The best person to look after your day-to-day health and wellbeing is… you.
That’s the thrust of Self Care Week 2017, which runs from November 13th to 19th and this year has the theme of “Embracing Self Care for Life”.
The week-long initiative recognises that more needs to be done to support people to better look after their own health. It seeks to empower people to self-care, which has been shown to have significant short-term and long-term health benefits, and is especially important now that people are living longer than ever before.
Enabling people to look after their own health, and that of other family members, also helps reduce pressure on mainstream health services. A large part of self-care revolves around successfully managing health conditions and taking proactive steps to prevent illness or poor levels of wellbeing, such as maintaining a healthy weight and making positive lifestyle choices.
Self Care week also embraces mental wellbeing, recognising it is just as important as the physical side of a person’s health. Again, there is a lot that can be done to enable people to better manage their own mental wellbeing. Organised by the Self Care Forum, the key messages of this year’s Self Care Week include:
- Understanding how to be healthy for all your life
- Enabling self care from cradle to grave
- Understanding how to self care for the important people in your life
- And making self care a lifelong habit.
Hilary Garratt, Director of Nursing in NHS England, explained the importance of self care, not least as we go into winter. She said: “When I visit front line services, I regularly see the challenges and pressures that staff face across the NHS.
“Nurses, GPs, Consultants and many other NHS professionals work hard throughout the year and I know it’s particularly challenging over winter. That’s why it’s important to raise awareness about the importance of self care and provide information and advice so people can manage their own health needs where possible.”
Dr Pete Smith, co-chairman of the Self Care Forum, added: “It’s about helping everyone take care of themselves, not just those living with long-term conditions. Self care is nothing less than actions to lead to a happier, healthier and more fulfilling life.”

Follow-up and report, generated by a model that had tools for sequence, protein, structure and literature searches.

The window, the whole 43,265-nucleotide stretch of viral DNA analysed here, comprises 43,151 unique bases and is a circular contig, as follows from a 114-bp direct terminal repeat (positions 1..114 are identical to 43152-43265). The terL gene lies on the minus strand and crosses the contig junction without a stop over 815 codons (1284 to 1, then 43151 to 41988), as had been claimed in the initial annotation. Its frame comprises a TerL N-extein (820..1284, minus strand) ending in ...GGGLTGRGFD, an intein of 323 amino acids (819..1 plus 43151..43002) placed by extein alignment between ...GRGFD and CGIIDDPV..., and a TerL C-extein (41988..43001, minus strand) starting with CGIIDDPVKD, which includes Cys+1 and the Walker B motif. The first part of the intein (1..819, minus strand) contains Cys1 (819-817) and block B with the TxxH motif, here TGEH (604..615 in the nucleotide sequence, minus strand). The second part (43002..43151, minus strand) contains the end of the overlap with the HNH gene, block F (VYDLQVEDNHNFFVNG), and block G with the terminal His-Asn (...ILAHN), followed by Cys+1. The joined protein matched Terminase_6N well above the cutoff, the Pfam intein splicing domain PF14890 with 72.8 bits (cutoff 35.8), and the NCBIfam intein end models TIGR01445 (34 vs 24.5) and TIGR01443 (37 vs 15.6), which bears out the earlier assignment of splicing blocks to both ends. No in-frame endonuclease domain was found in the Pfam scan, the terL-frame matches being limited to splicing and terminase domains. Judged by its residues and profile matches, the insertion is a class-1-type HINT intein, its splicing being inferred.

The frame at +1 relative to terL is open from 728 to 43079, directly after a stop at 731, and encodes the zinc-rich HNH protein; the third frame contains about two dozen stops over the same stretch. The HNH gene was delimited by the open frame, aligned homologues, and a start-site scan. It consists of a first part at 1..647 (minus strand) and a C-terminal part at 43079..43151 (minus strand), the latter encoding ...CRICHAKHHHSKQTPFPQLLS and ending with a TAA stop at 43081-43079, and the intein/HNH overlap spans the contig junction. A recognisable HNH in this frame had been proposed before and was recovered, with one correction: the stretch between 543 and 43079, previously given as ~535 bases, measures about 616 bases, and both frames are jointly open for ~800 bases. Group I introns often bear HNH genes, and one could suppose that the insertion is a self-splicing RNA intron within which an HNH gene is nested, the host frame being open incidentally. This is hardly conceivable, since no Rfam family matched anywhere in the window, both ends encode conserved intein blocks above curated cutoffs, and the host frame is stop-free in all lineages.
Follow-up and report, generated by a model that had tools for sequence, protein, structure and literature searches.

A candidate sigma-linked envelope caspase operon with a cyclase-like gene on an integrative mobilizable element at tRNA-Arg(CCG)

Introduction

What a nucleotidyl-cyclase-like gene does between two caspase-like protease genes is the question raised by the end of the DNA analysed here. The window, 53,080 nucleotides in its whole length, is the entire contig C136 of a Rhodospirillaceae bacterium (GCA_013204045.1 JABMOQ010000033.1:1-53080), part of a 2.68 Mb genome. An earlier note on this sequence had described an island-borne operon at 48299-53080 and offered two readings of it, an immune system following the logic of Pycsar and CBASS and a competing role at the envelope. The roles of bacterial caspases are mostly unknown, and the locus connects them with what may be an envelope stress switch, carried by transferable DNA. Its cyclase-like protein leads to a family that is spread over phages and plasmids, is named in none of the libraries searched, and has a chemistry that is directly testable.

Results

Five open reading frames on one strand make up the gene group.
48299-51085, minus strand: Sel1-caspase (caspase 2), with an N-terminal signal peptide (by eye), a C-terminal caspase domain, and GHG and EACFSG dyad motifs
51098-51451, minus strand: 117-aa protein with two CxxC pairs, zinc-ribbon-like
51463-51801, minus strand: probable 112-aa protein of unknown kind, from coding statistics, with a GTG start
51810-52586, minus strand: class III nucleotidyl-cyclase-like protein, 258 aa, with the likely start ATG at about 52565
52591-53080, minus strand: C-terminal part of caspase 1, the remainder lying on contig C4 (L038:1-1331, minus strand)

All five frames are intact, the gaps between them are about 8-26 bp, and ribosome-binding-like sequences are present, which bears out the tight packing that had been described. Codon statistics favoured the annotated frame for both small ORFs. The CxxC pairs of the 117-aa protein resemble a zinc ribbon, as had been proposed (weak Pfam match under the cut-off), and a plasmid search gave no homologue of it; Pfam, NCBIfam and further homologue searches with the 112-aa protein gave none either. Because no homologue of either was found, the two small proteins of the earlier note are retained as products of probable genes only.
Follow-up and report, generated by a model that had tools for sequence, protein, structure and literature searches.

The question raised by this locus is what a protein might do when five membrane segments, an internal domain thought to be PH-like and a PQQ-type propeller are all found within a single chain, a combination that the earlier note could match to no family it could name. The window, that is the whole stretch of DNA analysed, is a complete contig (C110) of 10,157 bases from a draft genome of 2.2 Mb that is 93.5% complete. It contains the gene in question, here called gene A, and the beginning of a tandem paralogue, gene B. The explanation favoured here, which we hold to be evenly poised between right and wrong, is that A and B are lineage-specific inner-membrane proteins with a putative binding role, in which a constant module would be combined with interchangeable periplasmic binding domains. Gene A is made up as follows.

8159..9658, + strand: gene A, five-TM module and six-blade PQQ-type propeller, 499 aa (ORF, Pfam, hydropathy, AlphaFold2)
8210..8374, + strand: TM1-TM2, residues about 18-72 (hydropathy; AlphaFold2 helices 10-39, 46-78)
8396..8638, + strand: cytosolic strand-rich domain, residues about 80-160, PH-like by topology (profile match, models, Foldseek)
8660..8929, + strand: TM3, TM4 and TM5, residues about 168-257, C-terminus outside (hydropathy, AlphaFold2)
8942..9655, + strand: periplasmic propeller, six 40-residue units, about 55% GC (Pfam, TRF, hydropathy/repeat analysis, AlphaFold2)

Pritti Mehta, NHS England’s lead for self care, said: “We are supporting 25,000 people to manage their conditions through the New Care Models programme, building their skills, knowledge and confidence to take greater control of their health and wellbeing through tailored health coaching or self-management education.
“Four in 10 people with long-term conditions don’t feel they have the ability to manage their own health and care. It’s crystal clear – we need to do more to support people to self care – by systematically implementing what works.”
One key message of Self Care Week is for people to make better use of their local pharmacists – the ‘health professional in the High Street’ – both to manage their long-term health conditions and seek advice over common ailments. Doing this has the added benefit of alleviating stress on GP surgeries and A&E Departments, especially at busy periods such as Christmas.
Other key messages being promoted this week include making sure you properly read instructions on medicines and heeding warnings about driving or operating machinery if taking certain medicines. The importance of using antibiotics only in cases where they are really necessary, in order to maintain their effectiveness, is also being stressed.
One message which features in Self Care Week every year is to remain as active as you can for as long as you can. No matter how much exercise you can manage, doing it regularly (preferably for at least 30 minutes per day) is proven to have significant and long-term benefits on both physical and mental wellbeing. Of course, you should always exercise within your own limits, starting slowly and building gradually, and, depending on your circumstances, you may need to seek medical advice before beginning a new exercise regime.
• You can find out more about self care by clicking here to visit the Self Care Forum website.